When you think of going on safari, you instantly think of East Africa, the Serengeti, the Big Five, and long open plains with the last of this planet's great beasts still roaming free. It is usually on most people's honeymoon wish list or on the top of their bucket list, but to most people it is too far, too exotic, and too expensive to do. When people travel to watch the great migration of nearly two million wildebeest across the plains of Tanzania's Serengeti, they are witnessing one of the oldest and last great land migrations on Earth. That is just a glimpse of what our planet used to look like before humans took over their lands and hunted them down.
But what if I told you that you don't have to go to the other side of the world to Africa to witness great beasts of our past roaming free? What if I told you that there is a migration of animals that is just as cool as the wildebeests in Africa, but right in our own backyard in the United States? I didn't believe it at first either, but that was just one of the many surprises South Dakota had in store for me when I went there.
The American buffalo once roamed the grasslands of North America in the tens of millions. These massive herds were almost completely wiped out by a combination of commercial hunting and slaughter in the 19th century but because of the efforts of government protected lands such as Custer State Park, they are making a come back and have been brought back from near extinction. These giant animals are more powerful, fast, and graceful than you would think and can jump nearly 6 feet vertically, outrun a horse, and turn on a dime. All reasons that make the annual Buffalo Roundup one of the most popular and entertaining events that you will ever witness. It is an incredible sight to see real cowboys and cowgirls roundup huge herds of buffalo across rivers and through prairies in front of thousands of spectators. It was one of the most magical experiences I have had to watch these huge animals running across the plains and imagining what our country must have looked like 300 years ago when the first settlers came over and these great herds roamed the plains. The only way I could describe it was like being on an All-American Safari.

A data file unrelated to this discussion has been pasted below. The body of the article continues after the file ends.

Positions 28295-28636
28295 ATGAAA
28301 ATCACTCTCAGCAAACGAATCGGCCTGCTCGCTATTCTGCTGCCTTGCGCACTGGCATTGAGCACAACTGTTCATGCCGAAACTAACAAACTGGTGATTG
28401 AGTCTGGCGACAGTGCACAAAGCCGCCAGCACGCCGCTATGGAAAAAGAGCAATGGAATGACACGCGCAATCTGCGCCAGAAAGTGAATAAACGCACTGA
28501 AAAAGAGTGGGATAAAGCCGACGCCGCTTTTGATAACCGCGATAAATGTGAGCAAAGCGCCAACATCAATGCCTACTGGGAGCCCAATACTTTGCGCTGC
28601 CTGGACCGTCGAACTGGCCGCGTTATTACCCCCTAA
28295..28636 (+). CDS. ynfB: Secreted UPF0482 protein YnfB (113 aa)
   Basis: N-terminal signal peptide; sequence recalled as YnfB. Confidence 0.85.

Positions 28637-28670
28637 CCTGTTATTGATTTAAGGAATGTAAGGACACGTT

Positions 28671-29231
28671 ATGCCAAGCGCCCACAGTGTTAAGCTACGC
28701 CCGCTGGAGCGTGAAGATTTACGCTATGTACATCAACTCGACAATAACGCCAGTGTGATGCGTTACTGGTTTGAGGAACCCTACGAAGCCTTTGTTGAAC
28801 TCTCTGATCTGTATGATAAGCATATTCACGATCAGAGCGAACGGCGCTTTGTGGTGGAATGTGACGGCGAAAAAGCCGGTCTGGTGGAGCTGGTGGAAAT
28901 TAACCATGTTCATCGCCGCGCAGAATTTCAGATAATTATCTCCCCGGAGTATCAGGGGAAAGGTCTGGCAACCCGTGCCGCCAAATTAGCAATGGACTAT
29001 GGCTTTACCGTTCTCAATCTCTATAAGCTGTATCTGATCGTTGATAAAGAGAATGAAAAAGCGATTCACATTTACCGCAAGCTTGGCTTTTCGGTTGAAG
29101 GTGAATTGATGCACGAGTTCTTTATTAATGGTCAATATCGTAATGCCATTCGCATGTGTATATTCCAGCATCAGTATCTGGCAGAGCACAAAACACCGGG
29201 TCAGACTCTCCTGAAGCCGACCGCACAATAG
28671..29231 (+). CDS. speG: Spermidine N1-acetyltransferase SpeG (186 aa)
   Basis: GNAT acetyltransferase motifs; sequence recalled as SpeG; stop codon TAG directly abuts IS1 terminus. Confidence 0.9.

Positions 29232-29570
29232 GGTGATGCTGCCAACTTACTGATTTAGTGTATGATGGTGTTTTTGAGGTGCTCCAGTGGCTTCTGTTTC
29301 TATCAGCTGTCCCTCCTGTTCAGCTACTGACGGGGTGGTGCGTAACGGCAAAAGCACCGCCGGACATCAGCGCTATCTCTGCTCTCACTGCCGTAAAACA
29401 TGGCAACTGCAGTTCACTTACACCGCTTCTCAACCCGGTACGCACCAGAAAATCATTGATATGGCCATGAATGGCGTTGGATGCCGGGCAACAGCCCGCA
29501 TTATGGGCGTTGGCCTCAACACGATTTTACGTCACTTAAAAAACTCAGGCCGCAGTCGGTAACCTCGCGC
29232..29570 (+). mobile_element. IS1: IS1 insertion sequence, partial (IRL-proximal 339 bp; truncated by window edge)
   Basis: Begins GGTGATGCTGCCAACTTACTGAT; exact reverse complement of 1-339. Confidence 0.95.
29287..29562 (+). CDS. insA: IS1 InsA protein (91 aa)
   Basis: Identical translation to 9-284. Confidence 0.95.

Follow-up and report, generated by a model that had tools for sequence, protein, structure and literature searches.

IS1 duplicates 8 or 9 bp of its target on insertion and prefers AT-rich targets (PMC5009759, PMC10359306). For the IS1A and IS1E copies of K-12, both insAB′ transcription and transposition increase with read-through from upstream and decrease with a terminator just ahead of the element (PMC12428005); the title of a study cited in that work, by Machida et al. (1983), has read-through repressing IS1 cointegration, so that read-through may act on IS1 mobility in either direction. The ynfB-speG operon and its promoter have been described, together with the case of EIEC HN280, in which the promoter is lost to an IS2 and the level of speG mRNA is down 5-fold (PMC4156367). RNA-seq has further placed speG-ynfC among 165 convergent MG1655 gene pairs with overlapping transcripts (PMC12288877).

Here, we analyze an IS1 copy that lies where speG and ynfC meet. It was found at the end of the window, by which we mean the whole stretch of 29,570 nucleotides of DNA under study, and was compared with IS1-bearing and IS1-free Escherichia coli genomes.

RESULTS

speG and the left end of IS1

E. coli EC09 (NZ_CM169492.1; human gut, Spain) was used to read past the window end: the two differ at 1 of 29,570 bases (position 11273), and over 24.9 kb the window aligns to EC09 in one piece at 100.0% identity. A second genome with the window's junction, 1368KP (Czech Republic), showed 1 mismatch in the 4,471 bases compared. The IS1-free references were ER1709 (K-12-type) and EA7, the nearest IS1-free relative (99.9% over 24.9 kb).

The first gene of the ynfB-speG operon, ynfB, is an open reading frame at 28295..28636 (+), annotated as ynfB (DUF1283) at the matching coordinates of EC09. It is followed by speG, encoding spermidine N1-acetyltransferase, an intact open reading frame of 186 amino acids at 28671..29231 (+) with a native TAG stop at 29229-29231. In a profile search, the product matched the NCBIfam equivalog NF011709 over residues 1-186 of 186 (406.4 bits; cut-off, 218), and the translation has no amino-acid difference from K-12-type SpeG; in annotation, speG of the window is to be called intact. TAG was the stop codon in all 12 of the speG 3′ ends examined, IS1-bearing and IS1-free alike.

This year marked the 50th anniversary of the Annual Buffalo Round up at Custer's State Park in South Dakota. Originally, this event was just to keep the bison population in check with the available grassland by culling the herds, keeping track of them, and bringing them in to the protected national park where they would get vaccinated and some auctioned off. The revenues from the auction help to support the operations of the state park system. Buyers from all of the United States and Canada have purchased the Buffalo from the park and now have started herds of their own. The American Buffalo which once faced extinction are now up to 500,000 in Northern America. In recent years, the annual Buffalo round up has become such a huge attraction for South Dakota, that the Board of Tourism has now taken notice.